Equine massage therapy offers horses many of the same benefits that people receive from massage. Benefits include helping keep muscles healthy, strong, and supple.
Although historians believe the ancient Greeks massaged both their horses and warriors before battle, little is known of the history of equine massage.
In the 1970s, sports massage therapist Jack Meagher started using sports massage therapy for horses and was part of the U.S. Equestrian Team at the 1976 Montreal Olympics.
Meagher, working with Jo-Ann Wilson, went on to develop the Wilson Meagher™ Method of Equine Sports Massage. This style of massage for horses combines Meagher's sports massage techniques with Wilson's knowledge of soft tissue applications, biomechanics, and conditioning for horses.
Since the 1970s, other approaches to equine massage have also been developed. In fact, many forms of massage used for humans are also used for horses.
Barb Crabbe, DVM, notes the five most common types of massage used for horses:
Source: "Equine Massage Therapy Beyond the Basics," Horse & Rider, Summer 2019.
You can also use essential oils for horses.
Equine massage training is widely available, both for professional therapists and for horse owners and trainers. Training for massage therapists typically includes horse anatomy and physiology, movement and performance analysis, assessment and evaluation, hands-on techniques, business management, and more.
Equine massage schools teach a complete understanding of horse anatomy, along with the ability to look at the horse as a whole and consider all possible causes and effects of tension. Therapists also learn to interpret the horse's reactions and expressions.
"Equine massage practitioners have to be able to assess not only what is going on for the horse at any time but also what the relationship between the horse and rider is contributing," according to Lola Michelin, LMP, in the Winter 2013 issue of Washington Massage Journal.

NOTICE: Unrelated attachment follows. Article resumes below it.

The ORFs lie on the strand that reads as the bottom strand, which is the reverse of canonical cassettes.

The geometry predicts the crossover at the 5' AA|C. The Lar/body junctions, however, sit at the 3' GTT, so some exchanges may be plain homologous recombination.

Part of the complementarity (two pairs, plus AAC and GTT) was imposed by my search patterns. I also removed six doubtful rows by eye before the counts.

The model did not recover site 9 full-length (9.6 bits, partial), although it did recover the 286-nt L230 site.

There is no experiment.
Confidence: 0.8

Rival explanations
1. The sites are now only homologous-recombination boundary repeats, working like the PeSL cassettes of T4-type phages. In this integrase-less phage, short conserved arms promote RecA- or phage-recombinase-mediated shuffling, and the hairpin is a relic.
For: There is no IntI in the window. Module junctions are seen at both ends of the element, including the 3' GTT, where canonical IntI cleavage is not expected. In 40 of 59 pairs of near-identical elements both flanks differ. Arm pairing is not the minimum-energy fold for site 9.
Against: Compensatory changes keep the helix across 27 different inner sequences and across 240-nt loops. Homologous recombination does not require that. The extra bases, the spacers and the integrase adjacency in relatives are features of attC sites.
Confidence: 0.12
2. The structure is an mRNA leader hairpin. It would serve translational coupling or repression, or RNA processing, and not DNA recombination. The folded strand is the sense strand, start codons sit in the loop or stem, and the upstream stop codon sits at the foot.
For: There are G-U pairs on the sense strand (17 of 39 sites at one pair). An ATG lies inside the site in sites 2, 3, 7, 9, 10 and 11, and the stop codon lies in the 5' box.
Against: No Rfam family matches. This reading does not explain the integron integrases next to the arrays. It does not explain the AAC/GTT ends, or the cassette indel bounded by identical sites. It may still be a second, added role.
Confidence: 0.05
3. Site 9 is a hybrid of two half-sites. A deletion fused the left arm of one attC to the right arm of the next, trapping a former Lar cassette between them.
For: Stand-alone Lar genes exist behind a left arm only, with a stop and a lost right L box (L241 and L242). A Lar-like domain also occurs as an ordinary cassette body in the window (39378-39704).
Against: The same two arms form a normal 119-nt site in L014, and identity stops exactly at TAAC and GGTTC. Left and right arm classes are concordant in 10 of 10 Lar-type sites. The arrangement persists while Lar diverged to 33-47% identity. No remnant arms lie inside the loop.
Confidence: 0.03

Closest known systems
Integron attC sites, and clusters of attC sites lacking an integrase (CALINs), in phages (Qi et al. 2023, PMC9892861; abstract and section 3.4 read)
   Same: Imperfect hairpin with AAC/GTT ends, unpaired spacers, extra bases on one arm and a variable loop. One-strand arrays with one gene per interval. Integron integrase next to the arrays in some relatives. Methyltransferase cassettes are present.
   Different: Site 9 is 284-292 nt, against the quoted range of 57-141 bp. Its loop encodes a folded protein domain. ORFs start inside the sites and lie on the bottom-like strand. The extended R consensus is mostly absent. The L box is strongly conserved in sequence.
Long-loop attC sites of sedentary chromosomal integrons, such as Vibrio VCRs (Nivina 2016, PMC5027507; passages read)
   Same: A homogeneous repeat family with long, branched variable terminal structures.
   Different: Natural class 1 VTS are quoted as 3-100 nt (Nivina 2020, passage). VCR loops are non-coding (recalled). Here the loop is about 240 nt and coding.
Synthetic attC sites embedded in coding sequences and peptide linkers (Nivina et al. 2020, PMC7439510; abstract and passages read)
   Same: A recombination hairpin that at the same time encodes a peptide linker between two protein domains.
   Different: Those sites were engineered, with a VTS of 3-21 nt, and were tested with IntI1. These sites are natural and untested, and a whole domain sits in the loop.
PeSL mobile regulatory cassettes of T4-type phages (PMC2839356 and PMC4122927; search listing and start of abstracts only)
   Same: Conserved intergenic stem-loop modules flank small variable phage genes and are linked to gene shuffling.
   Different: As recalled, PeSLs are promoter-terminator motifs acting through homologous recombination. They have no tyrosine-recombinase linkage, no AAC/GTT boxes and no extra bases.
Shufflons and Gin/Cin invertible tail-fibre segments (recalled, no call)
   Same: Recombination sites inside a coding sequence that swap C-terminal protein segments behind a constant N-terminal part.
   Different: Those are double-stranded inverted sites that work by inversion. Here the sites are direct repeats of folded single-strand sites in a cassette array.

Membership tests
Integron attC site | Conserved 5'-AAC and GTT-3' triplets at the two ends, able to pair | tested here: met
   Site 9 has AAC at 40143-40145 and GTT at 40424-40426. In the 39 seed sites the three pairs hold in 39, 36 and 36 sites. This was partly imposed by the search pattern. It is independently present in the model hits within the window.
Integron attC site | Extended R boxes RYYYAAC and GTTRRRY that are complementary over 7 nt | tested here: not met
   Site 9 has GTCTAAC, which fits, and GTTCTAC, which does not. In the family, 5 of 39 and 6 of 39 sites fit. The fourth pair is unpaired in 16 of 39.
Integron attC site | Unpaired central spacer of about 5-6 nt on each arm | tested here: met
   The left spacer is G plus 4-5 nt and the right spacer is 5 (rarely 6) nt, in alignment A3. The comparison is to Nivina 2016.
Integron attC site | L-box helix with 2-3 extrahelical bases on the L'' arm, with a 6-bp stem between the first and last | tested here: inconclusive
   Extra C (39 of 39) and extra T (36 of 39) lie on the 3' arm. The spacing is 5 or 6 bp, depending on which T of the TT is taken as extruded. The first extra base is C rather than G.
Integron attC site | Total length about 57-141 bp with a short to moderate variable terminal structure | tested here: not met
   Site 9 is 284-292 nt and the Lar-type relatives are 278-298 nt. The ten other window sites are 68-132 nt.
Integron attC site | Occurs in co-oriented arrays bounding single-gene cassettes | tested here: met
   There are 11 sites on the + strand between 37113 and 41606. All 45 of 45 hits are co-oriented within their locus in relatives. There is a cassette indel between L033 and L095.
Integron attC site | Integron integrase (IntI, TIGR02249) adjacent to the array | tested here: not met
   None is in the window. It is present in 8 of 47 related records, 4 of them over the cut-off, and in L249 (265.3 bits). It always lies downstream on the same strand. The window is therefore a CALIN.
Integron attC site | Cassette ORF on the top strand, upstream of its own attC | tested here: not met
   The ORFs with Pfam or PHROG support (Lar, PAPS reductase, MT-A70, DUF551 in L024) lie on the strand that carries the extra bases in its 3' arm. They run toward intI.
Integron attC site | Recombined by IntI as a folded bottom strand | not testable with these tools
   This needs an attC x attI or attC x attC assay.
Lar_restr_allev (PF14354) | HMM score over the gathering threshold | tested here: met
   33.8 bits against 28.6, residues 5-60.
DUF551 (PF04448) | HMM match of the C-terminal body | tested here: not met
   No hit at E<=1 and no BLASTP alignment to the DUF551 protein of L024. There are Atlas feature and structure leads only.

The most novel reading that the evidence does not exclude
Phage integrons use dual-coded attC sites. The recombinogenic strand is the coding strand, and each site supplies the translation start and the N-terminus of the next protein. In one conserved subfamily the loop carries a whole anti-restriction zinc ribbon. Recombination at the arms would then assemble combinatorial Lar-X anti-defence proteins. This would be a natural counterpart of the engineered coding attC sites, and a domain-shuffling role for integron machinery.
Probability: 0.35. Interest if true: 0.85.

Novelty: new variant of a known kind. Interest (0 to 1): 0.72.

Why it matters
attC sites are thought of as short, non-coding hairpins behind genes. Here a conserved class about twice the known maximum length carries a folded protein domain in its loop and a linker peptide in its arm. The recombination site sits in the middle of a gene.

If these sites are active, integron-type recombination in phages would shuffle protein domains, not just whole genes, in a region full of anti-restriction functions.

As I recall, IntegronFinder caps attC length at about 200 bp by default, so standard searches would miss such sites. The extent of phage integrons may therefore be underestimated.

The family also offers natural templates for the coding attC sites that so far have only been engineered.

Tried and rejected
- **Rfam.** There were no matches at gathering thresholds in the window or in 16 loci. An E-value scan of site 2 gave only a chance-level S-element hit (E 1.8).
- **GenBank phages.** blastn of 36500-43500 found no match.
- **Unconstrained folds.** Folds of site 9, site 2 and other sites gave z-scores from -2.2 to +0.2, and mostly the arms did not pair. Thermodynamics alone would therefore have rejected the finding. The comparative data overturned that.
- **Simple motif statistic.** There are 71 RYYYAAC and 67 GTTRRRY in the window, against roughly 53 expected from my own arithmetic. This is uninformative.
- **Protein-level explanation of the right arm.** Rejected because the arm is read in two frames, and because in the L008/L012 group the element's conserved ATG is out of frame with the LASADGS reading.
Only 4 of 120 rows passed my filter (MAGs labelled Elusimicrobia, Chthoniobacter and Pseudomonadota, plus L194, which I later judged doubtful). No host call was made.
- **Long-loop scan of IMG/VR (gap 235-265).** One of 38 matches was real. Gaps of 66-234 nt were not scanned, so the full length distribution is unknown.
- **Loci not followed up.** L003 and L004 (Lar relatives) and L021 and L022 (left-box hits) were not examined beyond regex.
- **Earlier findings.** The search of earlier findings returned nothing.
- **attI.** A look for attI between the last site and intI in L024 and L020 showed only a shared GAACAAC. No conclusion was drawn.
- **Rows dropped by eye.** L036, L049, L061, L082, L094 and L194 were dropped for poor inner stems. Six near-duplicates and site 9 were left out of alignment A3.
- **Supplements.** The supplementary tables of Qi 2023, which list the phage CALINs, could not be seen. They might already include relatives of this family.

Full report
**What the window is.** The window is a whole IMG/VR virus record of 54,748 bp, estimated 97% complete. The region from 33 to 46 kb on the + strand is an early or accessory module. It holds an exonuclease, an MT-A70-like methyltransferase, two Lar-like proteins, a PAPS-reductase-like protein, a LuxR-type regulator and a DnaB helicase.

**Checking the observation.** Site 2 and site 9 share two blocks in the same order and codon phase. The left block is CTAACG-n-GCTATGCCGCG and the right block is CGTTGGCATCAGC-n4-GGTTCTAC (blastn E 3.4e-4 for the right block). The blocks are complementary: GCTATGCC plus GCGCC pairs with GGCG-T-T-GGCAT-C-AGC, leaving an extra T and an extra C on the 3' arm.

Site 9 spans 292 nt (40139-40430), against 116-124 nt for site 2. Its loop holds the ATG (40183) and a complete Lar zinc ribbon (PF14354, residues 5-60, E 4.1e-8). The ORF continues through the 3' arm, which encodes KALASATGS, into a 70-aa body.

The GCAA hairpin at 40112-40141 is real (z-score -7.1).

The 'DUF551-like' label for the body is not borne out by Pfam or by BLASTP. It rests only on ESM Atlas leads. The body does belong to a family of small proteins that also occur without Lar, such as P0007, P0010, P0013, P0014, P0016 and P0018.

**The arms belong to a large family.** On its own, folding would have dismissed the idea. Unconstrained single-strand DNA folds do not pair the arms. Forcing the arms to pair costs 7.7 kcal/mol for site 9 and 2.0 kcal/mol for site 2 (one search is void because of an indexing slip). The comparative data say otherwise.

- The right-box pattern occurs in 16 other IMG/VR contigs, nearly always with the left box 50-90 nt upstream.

The National Board of Certification for Animal Acupressure & Massage (NBCAAM) certifies practitioners in equine massage and acupressure.
Here's a list of horse massage schools. You also can often find local classes that offer an introduction to massaging horses.
Animal Dynamics, Reddick, Florida
Brandenburg Massage Therapy, Martins Ferry, Ohio
D'Arcy Lane Institute, London, Ontario, Canada
Equine Massage/Muscle Therapy, Camden, South Carolina
Equissage, Round Hill, Virginia
EquiTouch Equine Massage Therapy, Cheyenne, Wyoming
Geary Whiting's Equine Massage School, Big Sur, California
Holistic Touch Therapy, Equine Massage Certification Programs, online and in Texas
Northwest School of Animal Massage, Fall City, Washington
Tallgrass Animal Acupressure Institute offers training around the country.
Western Montana School of Horse Massage, Corvallis, Montana
Wilson Meagher Sportstherapy, Concord, Massachusetts
Photo Credit: Bob Haarmans/Flickr/CC